Now we know coronavirus is not a random killer, this one-size-fits-all lockdown must come to an end, writes Professor KAROL SIKORA
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Finally, we can say with confidence what many of us have suspected for weeks: not only is the end of the pandemic now in sight but also the people best-placed to recharge our economy have little to fear from it.
Thanks to definitive figures released yesterday by Public Health England, we know that Covid-19 is not a random killer, but one that targets specific groups – namely the old and those with pre-existing conditions such as diabetes or dementia.
The statistics are astounding: those aged over 80 are fully 70 times more likely to die of the disease than those under 40, while being morbidly obese increases your risk of dying by two and a half times. And fortunately the death rate among children is very low.
All of which means that the challenge now is to get the economy back to work, to get the children into schools, and our hospitals returning to the crucial diagnostic work and routine procedures that have been put on hold with devastating consequences we have yet to see.
Thanks to definitive figures released yesterday by Public Health England, we know that Covid-19 is not a random killer, but one that targets specific groups – namely the old and those with pre-existing conditions such as diabetes or dementia (file photo)
It should also act as a massive boost to our economy, as it means that factories and businesses, where workers are predominantly young and healthy, can reopen with sensible precautions.
The easy part of the lockdown was starting it. The message was simple: we are all in danger, do as you’re told, and if you don’t, we’ve given the police special powers to fine or arrest you.
Lifting it will be much harder, partly because the dangers of Covid-19 were exaggerated as a matter of public policy and people were brainwashed into a state of fear.
But now that we know that Covid-19 is a selective killer, we have to accept that we cannot have a one-size-fits-all approach to the lockdown.
Certain people are more vulnerable than others – and it should now be up to them to make a personal assessment of their individual risk.
After all, we make such judgements all the time. To take an extreme example, my wife has made a parachute jump; I have not, and never would. Our respective decisions are based on how scared we are at the thought of jumping out of an airplane, and on our rational assessment of the risks involved. So it is with Covid-19. As an oncologist, I have spoken to elderly patients this week with terminal cancers who will not live more than a few months. They ask me if they should take advantage of the easing of the shielding measures to finally get out of their homes, and maybe see their families before they die.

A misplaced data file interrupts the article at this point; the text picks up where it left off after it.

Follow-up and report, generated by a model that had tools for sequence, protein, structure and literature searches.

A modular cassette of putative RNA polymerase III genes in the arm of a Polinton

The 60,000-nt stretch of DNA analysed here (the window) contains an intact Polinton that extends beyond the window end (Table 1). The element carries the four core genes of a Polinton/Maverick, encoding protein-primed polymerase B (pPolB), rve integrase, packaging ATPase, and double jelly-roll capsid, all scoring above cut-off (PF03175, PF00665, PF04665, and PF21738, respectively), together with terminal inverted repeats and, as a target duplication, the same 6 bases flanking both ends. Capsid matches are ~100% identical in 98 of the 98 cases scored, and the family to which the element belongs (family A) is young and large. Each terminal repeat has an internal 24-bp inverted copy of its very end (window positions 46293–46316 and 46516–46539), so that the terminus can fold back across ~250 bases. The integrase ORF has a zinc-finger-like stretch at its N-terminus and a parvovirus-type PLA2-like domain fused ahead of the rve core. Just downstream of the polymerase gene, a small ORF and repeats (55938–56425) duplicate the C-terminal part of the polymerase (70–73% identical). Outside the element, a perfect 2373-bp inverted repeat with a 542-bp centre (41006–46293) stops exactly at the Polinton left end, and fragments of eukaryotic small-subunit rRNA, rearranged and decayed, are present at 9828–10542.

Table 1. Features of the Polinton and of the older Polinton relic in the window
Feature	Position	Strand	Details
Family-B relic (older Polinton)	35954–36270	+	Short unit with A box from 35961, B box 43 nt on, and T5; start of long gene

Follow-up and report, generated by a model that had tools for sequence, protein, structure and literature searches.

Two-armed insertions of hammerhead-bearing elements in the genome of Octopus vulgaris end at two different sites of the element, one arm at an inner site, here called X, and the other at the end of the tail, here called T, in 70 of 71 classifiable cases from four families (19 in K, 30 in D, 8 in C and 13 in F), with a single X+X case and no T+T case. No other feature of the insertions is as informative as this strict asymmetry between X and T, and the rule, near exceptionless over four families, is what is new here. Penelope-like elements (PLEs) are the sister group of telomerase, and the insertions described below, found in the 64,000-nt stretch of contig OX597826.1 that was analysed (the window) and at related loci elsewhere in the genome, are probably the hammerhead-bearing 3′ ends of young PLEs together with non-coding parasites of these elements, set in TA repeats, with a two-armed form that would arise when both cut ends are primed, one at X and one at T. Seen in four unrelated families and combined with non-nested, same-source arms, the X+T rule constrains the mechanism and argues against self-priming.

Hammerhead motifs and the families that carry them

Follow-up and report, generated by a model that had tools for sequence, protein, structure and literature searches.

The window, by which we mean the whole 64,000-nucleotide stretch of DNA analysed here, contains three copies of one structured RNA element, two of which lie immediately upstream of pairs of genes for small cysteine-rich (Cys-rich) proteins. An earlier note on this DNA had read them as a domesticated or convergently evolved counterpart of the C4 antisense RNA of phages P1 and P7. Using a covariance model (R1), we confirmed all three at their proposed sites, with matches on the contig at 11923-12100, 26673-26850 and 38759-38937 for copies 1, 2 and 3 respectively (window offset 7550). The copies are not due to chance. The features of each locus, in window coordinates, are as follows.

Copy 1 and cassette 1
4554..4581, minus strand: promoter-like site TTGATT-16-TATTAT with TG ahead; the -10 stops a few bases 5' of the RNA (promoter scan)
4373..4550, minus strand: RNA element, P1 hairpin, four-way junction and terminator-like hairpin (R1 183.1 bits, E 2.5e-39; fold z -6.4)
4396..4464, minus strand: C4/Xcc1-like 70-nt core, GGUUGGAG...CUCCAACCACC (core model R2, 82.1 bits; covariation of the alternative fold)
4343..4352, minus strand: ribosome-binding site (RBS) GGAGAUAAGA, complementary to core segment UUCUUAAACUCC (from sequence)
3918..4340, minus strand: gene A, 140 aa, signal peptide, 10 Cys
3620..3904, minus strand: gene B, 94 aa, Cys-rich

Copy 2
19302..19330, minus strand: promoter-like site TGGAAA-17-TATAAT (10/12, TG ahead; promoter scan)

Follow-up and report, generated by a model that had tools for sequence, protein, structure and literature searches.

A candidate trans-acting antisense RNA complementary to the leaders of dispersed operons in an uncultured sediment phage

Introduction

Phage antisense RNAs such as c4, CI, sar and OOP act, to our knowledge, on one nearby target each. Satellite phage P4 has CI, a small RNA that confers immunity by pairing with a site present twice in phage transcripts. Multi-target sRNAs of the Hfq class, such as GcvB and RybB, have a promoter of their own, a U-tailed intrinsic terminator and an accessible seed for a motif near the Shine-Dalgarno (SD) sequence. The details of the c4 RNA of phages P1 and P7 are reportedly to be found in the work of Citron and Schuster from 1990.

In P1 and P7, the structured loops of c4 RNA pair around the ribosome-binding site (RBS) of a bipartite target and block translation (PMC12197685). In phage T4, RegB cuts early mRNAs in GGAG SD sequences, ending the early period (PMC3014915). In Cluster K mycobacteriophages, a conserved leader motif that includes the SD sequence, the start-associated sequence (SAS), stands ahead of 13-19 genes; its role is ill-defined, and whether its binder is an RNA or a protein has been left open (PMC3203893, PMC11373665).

‘Certain people are more vulnerable than others – and it should now be up to them to make a personal assessment of their individual risk,’ says Karol Sikora
I tell them that they must make their own decisions, but I certainly wouldn’t blame them for taking a calculated risk to live their last weeks to the full. But, I say, be sensible.
While the latest figures should certainly act as a morale boost for people who can start thinking about a return to normality, many unsuspecting Brits will be shocked to read that they appear disproportionately at-risk.
Those of us who work in hospitals could not help noticing the depressingly high number of our Black, Asian and minority ethnic (BAME) colleagues who died from Covid-19 in the early weeks of the pandemic.
And those disturbing trends were confirmed yesterday with the release of ONS data showing that people of Bangladeshi origin are twice as likely to die as infected white Britons. It also showed people of African, south Asian, Chinese and Caribbean origin have between a 10 and 50 per cent higher risk of death.
We do not know yet how to account for this. Socio-economic factors may be an influence, and it is partly explained by south Asians’ greater risk of having kidney disease. There could be hidden genetic explanations we do not yet understand.
Elsewhere there is more encouraging news, not least the drop in the number of people dying with Covid-19 to 2,872 in the week ending May 22, down from 3,810 the week before.
Elsewhere there is more encouraging news, not least the drop in the number of people dying with Covid-19 to 2,872 in the week ending May 22, down from 3,810 the week before
So too the chance of getting infected has plummeted to around one in a thousand compared with one in 40 at the peak of the curve.
The truth is that Covid-19 in most parts of the world, Latin America excepted, is showing signs of petering out.
Of course, we must not ignore spikes in the disease, such as in South Korea and in our own northern cities. These require intense vigilance and swift local measures where necessary, but we should not be fearful.
Some colleagues say I am too optimistic, but I have a sneaking feeling we’ll be largely through this by September.
And when it is all over, we must do our best not to emerge into a ‘New Normal’ – in that dismal cliched phrase that suggests a dull, constrained future – but an ‘Old Normal’, as we seize back our former lives.
With flexibility from our politicians and the wise application of our own judgment, such an ending no longer seems impossible.
Professor Karol Sikora is consultant oncologist and professor of medicine, University of Buckingham Medical School.
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